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Cuomo calls for large unions to help administer COVID-19 vaccines

Posted at 12:07 AM, Jan 27, 2021
and last updated 2021-01-27 00:07:42-05

BUFFALO, N.Y. (WKBW) — Governor Andrew Cuomo is asking large essential workforces and their unions to set up their own vaccination programs.

The initial announcement came three weeks ago, and has been discussed by the governor at several briefings since then.

Cuomo wants them to administer the vaccines themselves, or use their own health system provider where possible. This includes fire, police, transit, and teacher essential workforces.

Jeffrey Richardson is the president of Amalgamated Transit Union Local 13442, the NFTA's largest union. He said the NFTA has nurses and doctors that could administer shots.

“We have a plan that’s ready to roll out, it could be done at the airport, that’s NFTA property, so we’re ready to get started we’re just waiting on the vaccination.”

Of the 1,000 transit workers he represents he said approximately 60-70% answered a survey saying they would take the vaccine.

"The company we have our own medical department, so they're ready with nurses and they have some doctors on staff that are ready to do the shots," Richardson said. "So, as soon as they come out we're ready to roll."

Cuomo said these plans ease the burden on other vaccination sites.

There are no plans for a self-administered program from the Buffalo fire or police unions. Buffalo Police Benevolent Association President John Evans said it's not feasible for the union to vaccinate members.

“It was ridiculous in that who would we contact, or try to facilitate even getting the vaccine," Evans said. "We have no means to do that or to administer it."

Buffalo Fire Commissioner William Renaldo said he believes the issue comes down to supply and demand. He said the department's medical director sent out a link to register for vaccine appointments at the start of eligibility, and is helping those having issues registering.

Cuomo said the supply would be from county health departments. Currently, appointments are being canceled currently due to lack of supply.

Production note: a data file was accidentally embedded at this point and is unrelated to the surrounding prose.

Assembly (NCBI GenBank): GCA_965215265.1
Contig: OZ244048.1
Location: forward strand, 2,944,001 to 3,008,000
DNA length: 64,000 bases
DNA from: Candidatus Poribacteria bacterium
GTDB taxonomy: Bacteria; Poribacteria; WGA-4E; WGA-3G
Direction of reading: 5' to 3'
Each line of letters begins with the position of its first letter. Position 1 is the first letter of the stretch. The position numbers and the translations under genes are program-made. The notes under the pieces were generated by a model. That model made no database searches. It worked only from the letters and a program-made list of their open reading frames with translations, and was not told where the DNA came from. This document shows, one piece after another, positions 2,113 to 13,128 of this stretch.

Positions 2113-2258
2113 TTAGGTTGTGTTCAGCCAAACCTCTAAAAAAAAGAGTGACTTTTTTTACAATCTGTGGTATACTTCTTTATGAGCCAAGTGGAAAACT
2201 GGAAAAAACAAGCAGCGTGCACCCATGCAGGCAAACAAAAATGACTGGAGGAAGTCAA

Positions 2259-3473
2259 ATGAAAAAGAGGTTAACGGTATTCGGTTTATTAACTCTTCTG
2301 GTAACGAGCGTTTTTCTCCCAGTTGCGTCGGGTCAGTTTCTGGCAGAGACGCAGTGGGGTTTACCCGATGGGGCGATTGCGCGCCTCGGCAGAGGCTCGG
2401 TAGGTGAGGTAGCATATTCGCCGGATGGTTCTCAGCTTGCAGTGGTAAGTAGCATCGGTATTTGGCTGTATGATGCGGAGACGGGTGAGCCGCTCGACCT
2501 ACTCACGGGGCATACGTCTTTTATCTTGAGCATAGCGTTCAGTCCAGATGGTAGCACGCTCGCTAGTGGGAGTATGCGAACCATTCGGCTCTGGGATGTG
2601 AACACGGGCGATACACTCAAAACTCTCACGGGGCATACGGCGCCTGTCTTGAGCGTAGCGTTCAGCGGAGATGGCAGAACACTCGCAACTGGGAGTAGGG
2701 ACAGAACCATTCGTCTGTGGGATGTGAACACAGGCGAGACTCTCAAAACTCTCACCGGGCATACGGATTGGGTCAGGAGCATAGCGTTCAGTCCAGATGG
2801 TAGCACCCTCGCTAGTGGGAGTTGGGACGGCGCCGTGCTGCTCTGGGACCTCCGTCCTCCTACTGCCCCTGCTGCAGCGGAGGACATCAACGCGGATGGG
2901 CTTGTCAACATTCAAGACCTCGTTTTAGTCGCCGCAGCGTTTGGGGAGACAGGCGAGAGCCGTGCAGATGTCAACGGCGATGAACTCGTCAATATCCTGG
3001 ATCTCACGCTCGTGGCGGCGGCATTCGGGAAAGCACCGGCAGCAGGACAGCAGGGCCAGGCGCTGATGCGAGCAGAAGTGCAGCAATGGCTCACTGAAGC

The governor said that could change with President Joe Biden's order of an additional 200 million vaccines.

“Now, the states will know what they’re getting every week, for the next three weeks, and we’re getting about 16-17% more,” Cuomo said.

In a statement, the president of New York State United Teachers said its focused on connecting local unions that want to be involved in vaccination efforts with local health departments.

“Getting education professionals prioritized for the vaccine was the first step. Now we need the federal supply to catch up with demand so the educators who want their vaccine are able to get one in a timely fashion. We stand ready to help our members through this process, and our efforts are focused on communicating with the state on how to connect local unions that want to play a role with their local departments of health to ramp up efforts to get shots in arms.”
NYSUT President Andy Pallotta

The Buffalo Public School district says it can help distribute vaccines.

“In large urban school districts, schools are the epicenters of their communities. Make the vaccines available to us. We can help. We’re prepared to help. We have the facilities, the school nurses, the cleaning staff, the transportation systems, the communications systems, the security teams, and the necessary refrigeration to get the job done. Provide us 50,000 vaccines to start, and we’ll get the first dose done in two weeks, and then we can continue from there.”
Superintendent Dr. Kriner Cash